By Peter Saramba Ongiri
MWANZA, Tanzania (AA) - Twin specters of rising prices and security fears are casting a shadow over the beginning of the holy month of Ramadan for Tanzanian Muslims.
The month’s fasting comes amid a nearly two-month sugar shortage, with prices skyrocketing from $1 to $6 per kilogram.
Prime Minister Kassim Majaliwa said last week Tanzania needs 420,000 tons of sugar per year, but the local production capacity is just 300,000.
Last month the government had to import 70,000 tons of sugar to curb the shortage, but it brought no price relief.
The shortage stems from a government decision in early March to ban sugar imports to protect local factories.
Price hikes in rice, meat, fish, wheat, and maize flour are also being felt.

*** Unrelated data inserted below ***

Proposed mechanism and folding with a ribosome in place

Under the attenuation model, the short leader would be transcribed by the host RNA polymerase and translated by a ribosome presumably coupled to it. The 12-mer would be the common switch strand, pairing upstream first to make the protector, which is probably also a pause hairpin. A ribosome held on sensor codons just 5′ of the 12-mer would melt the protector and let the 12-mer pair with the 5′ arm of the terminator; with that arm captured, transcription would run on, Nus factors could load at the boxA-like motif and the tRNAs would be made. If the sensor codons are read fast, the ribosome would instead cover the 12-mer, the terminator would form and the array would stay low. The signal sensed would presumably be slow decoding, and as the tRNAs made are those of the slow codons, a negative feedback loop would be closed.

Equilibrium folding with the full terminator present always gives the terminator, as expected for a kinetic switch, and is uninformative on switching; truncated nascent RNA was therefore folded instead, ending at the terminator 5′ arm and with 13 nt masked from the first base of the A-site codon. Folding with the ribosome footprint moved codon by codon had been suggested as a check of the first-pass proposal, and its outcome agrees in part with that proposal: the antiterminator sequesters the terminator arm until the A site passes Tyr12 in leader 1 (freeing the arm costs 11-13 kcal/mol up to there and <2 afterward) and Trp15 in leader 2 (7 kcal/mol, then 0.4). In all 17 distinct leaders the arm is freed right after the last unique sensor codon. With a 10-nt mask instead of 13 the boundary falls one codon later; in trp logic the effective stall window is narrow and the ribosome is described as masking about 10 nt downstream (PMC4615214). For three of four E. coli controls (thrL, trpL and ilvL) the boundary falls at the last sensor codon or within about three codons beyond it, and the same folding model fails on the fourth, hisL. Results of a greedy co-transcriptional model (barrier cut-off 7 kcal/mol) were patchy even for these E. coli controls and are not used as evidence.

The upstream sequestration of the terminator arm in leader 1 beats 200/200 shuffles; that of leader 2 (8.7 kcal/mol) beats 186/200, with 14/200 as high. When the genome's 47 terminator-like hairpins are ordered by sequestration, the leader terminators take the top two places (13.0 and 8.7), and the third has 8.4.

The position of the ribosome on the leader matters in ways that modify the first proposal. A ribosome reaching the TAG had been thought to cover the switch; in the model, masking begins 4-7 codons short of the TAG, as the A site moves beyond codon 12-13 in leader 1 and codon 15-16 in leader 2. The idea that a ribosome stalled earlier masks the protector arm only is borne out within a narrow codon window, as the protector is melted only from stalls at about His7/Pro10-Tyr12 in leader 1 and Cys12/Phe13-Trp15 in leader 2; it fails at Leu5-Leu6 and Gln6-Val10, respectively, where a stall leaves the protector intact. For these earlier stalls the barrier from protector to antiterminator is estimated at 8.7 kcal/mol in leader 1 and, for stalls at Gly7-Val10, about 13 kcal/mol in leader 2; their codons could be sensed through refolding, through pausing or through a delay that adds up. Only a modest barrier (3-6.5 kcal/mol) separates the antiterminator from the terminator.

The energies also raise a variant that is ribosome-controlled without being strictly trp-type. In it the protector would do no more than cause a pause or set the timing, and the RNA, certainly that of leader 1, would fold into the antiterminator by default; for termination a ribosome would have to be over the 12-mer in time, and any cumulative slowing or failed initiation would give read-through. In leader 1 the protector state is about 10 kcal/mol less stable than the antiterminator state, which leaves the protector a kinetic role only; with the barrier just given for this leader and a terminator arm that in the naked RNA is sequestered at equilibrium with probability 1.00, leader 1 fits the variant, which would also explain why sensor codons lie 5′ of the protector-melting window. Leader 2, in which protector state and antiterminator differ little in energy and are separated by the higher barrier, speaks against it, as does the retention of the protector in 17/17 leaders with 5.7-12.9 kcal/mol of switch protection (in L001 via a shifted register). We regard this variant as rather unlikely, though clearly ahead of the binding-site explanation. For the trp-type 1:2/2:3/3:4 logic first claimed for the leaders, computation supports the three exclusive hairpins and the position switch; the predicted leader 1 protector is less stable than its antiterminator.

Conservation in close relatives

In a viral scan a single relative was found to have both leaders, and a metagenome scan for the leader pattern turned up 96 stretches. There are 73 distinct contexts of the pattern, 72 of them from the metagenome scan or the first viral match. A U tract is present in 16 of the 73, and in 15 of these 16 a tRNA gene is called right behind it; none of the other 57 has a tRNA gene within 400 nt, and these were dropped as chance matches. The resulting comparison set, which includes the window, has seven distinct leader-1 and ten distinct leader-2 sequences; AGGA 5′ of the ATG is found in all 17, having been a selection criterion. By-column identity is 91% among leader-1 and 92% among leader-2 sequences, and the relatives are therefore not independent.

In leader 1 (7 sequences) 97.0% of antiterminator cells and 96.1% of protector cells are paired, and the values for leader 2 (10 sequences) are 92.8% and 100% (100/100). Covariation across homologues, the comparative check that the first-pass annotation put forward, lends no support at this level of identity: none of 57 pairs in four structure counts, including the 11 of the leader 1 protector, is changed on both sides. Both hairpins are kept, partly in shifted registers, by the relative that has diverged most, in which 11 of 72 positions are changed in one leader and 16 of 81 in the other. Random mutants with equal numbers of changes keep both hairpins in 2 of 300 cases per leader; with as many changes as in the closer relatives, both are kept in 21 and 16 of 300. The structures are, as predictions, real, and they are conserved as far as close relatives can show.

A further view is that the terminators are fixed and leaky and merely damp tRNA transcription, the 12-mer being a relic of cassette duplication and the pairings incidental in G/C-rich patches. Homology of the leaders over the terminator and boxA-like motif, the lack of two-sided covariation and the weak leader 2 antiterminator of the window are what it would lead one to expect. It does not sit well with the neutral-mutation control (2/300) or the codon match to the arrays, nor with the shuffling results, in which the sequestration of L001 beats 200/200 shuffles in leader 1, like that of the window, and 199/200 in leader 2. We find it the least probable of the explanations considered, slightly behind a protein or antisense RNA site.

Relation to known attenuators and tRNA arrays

The holy month is also marked by security concerns among Muslims following a May 18 attack by persons unknown at the Rahman Mosque in Mwanza, in which three people were hacked to death, including Imam Feruz Ismail.
In a similar attack, eight people were hacked to death in a raid on a village in the Tanga region, Northern Tanzania.
These incidents led the Mwanza regional Muslim cleric, Sheikh Mohamed Balla, to appeal to state security organs to strengthen security in and around places of worship to assure Muslims’ safety during Ramadan.
Mwanza Regional Commissioner John Mongella and area Police Commander Ahmed Msangi assured Muslims of their safety during the holy month.
Apart from cultivating self-discipline and directing one's heart away from distractions, as well as cleansing one's soul by freeing it of impurities, Muslims in Tanzania also give gifts, food, and humanitarian assistance to those in need during the holy month of Ramadan.